Experience: Writer and co-producer, Southland (TNT); writer and supervising producer, NCIS: Los Angeles (CBS)

Advice: "It's better to write a pilot rather than write a spec show. In some cases, you have to do both, but more often writing a pilot and having an original voice is more important. Say, for example, you want to get a job on Mad Men—it'd be better for you to write an original show set in a world like Mad Men than it would be to write a sample episode of Mad Men. Somebody from Mad Men would read your spec script and say, 'Oh, we don't do shit like that. We'd never do it like this.' They're always going to have that kind of bias.

"If you can, get your hands on actual television scripts, because the stuff you'll get from screenwriting magazines and screenwriting books is sometimes counterintuitive. It often sounds completely different from what the reality of writing a script is. The rule you always hear is that one minute of screen time is equal to one script page, and that's bullshit. The reason it's bullshit is because you can't predict how long a camera is going to hold a shot and how long a director is going to fill the screen with visual information that's going to eat up time. And you have to be careful about getting stuff off the web.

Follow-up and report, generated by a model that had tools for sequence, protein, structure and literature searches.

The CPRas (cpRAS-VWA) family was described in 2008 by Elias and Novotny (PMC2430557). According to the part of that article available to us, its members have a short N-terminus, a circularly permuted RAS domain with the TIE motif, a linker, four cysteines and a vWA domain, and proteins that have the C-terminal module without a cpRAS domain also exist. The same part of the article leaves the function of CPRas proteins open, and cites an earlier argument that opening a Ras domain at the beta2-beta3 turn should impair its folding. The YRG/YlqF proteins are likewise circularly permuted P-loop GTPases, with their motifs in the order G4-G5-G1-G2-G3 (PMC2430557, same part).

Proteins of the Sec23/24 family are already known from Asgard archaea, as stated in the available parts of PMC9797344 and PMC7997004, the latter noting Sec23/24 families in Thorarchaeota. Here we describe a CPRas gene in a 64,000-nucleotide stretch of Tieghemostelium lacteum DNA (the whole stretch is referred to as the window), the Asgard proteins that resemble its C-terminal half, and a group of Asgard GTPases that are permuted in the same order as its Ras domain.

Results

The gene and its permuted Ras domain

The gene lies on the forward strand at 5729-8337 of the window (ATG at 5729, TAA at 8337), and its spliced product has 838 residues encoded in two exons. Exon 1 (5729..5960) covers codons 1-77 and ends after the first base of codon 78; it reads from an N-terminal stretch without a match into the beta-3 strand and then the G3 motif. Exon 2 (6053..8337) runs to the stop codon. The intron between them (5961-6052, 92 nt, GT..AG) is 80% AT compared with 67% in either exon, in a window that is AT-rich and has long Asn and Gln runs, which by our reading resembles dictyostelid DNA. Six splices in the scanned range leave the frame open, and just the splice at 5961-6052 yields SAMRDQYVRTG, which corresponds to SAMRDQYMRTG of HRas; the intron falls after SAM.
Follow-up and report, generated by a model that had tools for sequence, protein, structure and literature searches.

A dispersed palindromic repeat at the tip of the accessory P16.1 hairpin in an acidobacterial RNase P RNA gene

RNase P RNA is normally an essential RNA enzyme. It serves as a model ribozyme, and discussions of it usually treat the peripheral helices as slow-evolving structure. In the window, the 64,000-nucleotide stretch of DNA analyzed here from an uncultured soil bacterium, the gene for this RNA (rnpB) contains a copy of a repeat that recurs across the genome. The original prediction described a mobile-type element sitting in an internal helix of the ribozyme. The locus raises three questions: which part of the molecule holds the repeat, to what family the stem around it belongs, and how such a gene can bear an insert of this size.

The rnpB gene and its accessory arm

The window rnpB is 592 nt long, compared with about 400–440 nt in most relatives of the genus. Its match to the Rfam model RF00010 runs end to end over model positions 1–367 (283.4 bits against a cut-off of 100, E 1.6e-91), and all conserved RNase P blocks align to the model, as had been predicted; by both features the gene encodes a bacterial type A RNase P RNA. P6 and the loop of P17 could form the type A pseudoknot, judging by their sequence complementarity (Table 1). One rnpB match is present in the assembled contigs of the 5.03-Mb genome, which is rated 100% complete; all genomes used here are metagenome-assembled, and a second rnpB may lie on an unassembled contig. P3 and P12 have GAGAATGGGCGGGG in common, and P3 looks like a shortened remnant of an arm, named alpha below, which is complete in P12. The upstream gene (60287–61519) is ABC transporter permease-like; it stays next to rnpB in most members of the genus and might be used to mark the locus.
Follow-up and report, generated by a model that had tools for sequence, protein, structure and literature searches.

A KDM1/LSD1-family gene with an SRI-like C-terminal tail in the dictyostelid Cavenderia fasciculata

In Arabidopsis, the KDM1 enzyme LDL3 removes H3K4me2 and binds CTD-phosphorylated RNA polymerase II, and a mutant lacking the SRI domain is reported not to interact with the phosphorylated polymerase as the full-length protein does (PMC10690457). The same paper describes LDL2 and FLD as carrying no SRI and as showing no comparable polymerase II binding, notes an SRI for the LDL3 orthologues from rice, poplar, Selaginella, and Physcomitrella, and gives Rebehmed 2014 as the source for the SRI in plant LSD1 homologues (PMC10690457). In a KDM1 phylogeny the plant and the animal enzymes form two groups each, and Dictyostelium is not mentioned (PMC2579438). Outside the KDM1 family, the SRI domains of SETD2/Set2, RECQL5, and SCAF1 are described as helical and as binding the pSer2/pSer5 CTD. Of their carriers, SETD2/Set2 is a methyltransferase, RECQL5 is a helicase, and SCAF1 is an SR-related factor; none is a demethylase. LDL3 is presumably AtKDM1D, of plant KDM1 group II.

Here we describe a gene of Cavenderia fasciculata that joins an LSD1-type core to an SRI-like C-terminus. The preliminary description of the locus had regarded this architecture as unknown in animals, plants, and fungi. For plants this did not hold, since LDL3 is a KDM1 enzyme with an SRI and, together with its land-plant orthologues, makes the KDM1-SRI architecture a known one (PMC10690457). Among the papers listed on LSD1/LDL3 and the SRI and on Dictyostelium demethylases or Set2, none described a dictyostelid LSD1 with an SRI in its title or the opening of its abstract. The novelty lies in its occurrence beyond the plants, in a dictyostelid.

"Occasionally people will publish scripts, but when you read a published script, you want to be careful that it has the actual script layout, as opposed to some of these British editions that just have the dialogue and you don't get to see how the screen descriptions are written. If you like a specific show, try to find at least one copy of a real script to find out how they went about making it from the script."